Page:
Radioactive Waste In Columbia Riverbed To Be Checked By Ecology Department
Hanford's N-Reactor on the
shore of the Columbia River

About TRAC
The Washington Department of Ecology will check previous reports of radioactive waste in the Columbia Riverbed, from the production of mini-nuclear weapons at Hanford, Washington. Ecology plans to invite the Department of Energy (DOE) and its contractors, the Washington state Department of Health, and The RadioActivist Campaign (TRAC) along for this riverbed sampling, this year.

Since 1999, Norm Buske, director of TRAC, a public-interest organization that monitors U.S. nuclear facilities, has reported wastes from Hanford’s uranium-233 production in the Hanford Reach riverbed. Ten major salmon spawning areas are located in the riverbed under the Hanford Reach – the 50 mile stretch of the Columbia River that flows through the Hanford site in eastern Washington State.

Radioactivity from uranium-233 produced for mini-nuclear weapons increases over time, as it decays into radium-225. Radium-225 is soluble in riverbed water and mimics calcium, an element essential for animal life.

Buske theorizes that the radium-225 increasing in the riverbed water is responsible for the high incidence of gender switching of fall chinook salmon spawning in the Hanford Reach. In 2001, researchers from the University of Idaho reported that 80% of female fall chinook salmon from the Hanford Reach had gender-switched from males.

Gender switching is caused by environmental stress during the early stages of salmon development. Newly hatched salmon live in the riverbed for months as they develop and absorb their egg sacs. While the hatchlings live in the Hanford Reach riverbed, they are subject to radioactive and toxic wastes that remain from DOE’s production of nuclear weapons materials in Hanford reactors during the Cold War. The hatchlings are also subjected to chemicals and heavy metals dumped into the Columbia River from industrial, municipal, and agricultural sources.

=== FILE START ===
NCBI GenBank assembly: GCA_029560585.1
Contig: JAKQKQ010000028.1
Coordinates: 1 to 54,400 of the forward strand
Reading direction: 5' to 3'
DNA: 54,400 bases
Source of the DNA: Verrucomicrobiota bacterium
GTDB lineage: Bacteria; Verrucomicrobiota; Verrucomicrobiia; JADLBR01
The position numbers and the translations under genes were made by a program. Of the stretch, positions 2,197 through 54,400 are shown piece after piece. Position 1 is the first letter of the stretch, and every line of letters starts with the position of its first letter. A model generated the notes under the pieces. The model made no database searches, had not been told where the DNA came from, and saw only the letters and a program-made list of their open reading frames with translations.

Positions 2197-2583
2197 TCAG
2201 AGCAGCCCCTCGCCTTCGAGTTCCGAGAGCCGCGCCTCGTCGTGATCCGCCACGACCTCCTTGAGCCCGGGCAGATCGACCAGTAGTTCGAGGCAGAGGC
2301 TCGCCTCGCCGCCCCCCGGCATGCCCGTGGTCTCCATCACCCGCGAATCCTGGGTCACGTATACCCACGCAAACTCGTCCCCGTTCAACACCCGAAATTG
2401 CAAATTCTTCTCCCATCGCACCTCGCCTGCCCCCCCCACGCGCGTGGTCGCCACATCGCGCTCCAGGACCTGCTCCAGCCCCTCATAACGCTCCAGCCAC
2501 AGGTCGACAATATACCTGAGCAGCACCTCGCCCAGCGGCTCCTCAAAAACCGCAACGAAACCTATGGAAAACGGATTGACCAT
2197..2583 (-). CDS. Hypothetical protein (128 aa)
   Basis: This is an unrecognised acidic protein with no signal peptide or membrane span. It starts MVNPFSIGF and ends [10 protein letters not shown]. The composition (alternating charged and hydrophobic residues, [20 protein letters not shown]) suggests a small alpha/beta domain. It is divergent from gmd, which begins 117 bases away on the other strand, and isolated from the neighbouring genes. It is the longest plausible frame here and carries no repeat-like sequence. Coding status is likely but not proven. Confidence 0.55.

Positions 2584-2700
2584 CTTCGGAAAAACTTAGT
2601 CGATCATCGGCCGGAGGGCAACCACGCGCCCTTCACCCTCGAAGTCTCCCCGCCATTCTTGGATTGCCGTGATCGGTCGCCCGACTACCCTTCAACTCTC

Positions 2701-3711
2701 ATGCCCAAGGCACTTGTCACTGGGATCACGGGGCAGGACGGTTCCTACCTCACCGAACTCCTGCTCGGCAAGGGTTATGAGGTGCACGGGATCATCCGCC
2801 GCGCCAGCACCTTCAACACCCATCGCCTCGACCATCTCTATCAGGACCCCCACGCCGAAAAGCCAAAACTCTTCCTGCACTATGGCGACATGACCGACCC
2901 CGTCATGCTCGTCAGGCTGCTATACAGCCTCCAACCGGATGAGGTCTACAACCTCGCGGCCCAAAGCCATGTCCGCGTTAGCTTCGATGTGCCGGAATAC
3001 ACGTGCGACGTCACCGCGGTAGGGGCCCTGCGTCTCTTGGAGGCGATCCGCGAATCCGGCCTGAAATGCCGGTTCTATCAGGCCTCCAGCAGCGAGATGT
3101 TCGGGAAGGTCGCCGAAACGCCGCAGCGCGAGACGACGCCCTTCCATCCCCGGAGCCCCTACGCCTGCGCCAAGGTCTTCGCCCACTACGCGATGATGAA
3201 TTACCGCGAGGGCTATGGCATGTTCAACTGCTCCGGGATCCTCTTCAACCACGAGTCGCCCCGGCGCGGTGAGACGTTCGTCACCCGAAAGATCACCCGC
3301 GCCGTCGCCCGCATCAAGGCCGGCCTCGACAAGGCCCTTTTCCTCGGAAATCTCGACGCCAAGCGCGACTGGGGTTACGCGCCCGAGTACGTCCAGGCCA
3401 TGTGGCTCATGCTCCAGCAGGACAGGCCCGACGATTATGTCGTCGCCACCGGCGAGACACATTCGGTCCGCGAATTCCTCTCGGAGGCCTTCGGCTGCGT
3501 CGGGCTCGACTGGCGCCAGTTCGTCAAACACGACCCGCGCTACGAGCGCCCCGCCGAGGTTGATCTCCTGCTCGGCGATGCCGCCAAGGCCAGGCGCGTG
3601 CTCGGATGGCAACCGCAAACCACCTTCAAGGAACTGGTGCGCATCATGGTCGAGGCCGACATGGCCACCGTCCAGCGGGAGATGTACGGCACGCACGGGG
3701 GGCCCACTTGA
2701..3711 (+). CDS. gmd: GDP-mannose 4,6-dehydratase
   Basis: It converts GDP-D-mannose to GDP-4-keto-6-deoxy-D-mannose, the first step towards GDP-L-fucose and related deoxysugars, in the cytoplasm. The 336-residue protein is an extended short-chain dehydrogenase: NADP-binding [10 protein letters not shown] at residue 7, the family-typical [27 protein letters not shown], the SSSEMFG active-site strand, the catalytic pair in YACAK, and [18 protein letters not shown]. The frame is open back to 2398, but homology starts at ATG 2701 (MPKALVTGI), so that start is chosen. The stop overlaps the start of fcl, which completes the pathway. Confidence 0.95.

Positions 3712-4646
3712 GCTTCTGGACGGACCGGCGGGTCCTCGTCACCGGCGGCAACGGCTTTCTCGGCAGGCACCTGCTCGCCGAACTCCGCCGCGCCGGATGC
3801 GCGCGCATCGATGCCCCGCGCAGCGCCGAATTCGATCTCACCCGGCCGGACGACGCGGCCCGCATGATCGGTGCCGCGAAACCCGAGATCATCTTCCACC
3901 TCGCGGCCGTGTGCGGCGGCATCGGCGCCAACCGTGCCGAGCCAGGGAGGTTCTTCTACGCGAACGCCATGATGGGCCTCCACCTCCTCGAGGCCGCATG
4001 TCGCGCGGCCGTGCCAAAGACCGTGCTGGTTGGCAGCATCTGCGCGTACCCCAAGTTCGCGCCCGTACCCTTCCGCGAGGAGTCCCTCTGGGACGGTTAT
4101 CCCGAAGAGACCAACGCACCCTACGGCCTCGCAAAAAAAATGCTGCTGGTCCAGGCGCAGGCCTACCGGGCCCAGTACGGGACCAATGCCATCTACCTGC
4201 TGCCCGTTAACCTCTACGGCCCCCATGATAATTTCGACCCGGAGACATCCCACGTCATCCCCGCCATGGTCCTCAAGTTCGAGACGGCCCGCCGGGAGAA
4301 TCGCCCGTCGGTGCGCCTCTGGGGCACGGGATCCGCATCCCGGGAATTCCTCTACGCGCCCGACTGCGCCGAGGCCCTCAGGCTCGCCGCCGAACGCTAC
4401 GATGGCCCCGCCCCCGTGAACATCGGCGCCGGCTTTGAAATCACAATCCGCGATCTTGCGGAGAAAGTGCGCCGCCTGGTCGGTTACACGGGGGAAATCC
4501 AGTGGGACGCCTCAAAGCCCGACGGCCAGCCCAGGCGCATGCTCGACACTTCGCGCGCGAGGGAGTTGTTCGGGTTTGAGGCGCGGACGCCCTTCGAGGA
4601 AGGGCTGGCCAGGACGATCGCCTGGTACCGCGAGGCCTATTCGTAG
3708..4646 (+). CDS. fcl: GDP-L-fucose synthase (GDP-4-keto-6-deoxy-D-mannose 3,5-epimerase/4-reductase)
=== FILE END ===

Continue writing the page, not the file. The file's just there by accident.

Fall chinook salmon spawning in the Hanford Reach are vital to the long-term strength of the billion-dollar-a-year fishery.

TRAC provided its radiological findings to Ecology’s Nuclear Waste Program staff in April. After review, Ecology decided to sample the riverbed for uranium-233 wastes during low river levels this year. Ecology will publish its results after the samples are analyzed.

If Hanford’s uranium-233 waste is threatening Columbia River salmon, the DOE might be required to remediate, as part of on-going clean-up of the federal site.


The RadioActivist Campaign
Address: 10119 W. Belfair Valley Rd, Bremerton, WA 98312 Phone: 360.275.1351
Director: Norm Buske,